The USMS rule book recommeds 78-80 degrees for sanctioned swimming meets.

The USA Swimming rule book recommends the same temp.

and

The pool operators guide recommeds four different catagories
(these are recommended maximum temps).
1. 80.6 for swimming, diving, fitness swimming and training
2. 82.4 for recreational, adult teaching and conventional main pools.
3. 84.2 for childrens swimming lessons and liesure pools.
4. 86.0 for babies, young children, disabled and handicapped people.


Hope this helps...

Dennis

deisner
August 16th, 2004, 03:24 PM
The American Academy of Pediatrics and the American College of Sports Medicine have issued a position paper on exercise and temperature. The paper deals with exercise on land and utilize three thermometers, a wet bulb, a dry bulb and I believe one with a black bulb. Since we are exercising in water their will be no differance between the wet and dry bulb. The table which accompanies the article recommends the activity level should be decreased about 83 F. The properties of water make water of 82 feel cold to an inactive individual, however it is difficult to dissapate heat at temperature above 82. Heat stroke has been reported in soccer players with a temperature in the mid 80's and a high relative humidity.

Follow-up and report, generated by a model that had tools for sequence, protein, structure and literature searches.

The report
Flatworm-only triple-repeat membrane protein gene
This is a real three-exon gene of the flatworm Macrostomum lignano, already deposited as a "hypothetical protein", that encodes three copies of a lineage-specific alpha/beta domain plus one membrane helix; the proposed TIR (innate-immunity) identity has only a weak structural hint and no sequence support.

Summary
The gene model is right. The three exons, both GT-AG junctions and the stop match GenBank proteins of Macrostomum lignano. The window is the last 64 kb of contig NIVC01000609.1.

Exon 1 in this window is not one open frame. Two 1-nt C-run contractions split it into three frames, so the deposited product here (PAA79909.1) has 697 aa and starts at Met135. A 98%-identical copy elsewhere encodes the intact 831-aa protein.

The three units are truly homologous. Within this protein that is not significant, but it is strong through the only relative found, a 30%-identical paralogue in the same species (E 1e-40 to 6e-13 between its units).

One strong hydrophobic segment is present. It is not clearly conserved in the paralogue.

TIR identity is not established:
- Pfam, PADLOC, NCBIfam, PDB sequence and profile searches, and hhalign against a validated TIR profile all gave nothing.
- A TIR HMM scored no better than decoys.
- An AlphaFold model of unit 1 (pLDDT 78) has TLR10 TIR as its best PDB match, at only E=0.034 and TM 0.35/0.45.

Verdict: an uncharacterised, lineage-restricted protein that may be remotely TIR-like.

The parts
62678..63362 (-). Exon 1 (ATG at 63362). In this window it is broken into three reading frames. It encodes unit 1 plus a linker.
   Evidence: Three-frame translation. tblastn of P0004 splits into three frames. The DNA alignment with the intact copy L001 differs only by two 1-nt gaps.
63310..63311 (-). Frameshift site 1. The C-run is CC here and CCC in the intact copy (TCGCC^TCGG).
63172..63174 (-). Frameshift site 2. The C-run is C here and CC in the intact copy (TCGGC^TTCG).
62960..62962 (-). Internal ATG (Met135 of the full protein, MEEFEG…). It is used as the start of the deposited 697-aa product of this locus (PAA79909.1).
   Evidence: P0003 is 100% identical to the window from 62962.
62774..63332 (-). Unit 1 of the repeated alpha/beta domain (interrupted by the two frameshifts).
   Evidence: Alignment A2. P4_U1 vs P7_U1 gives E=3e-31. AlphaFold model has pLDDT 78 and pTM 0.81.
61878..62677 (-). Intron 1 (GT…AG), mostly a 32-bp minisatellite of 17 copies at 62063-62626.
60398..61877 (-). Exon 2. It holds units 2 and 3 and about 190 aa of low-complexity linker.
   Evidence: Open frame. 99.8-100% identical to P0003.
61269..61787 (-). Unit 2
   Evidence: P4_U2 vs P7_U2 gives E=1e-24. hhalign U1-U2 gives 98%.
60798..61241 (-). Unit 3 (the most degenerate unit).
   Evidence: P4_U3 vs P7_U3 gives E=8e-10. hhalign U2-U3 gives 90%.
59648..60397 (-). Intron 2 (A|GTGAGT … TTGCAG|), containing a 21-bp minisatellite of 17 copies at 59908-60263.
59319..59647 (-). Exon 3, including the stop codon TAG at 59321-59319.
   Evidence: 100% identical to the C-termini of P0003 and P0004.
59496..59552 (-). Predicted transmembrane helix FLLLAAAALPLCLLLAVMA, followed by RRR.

I swam in the 800/1500 meet at the U of Maryland and did an easy warm down. Walking to the shower, I became very light headed and had to grab the wall to keep from falling. I found out later the warm down pool was in the high 80's.
There was a paper in the sports medicine literature which recommended that a pool temperature not be increased by more than 2 degrees to allow swimmers to acclimate (I have not been able to find this reference recently). I do not believe there is a temperature which will satisfy both the swimmers and elderly. There is a risk (large / small?) to fitness swimmers with a temp in the mid 80's.

Fitswimmer04
August 16th, 2004, 06:22 PM
I read that article in Swim and it helped me realize why I have to swim in 85 degree water everyday. Like most Y's, our pool is used by all of those populations of which competitive level swimmers are the smallest percentage. I would hazard a guess that 80-90% of the pool usage is for children's lessons.
I guess the answer is to recruit more people to swim teams and Master's level swimming so the majority can rule!!

aschueler
August 16th, 2004, 09:13 PM
My local Y has benn running 85-87 degrees this summer.

Really makes it tough on me. Figured I was just old, and that I needed a cooler water to exercise in, so I appreciate this post.

msgrupp
August 17th, 2004, 12:01 AM
I guess I have it the best for summer swimming. I swim in an outdoor community pool (50 meters available twice a day for 1 hour each--adults only!!!) Pool is UNHEATED so whatever temperature the water is -- is what it will be. Right now a little on the chilly side due to cold overnight temps. Usually by this time in the summer I kid about having 2 tons of ice purchased to cool it down. I'm guessing in the high 70s is the average temp right now--just a 1/8" of ice on the skin and 2 lengths to warm up!!!!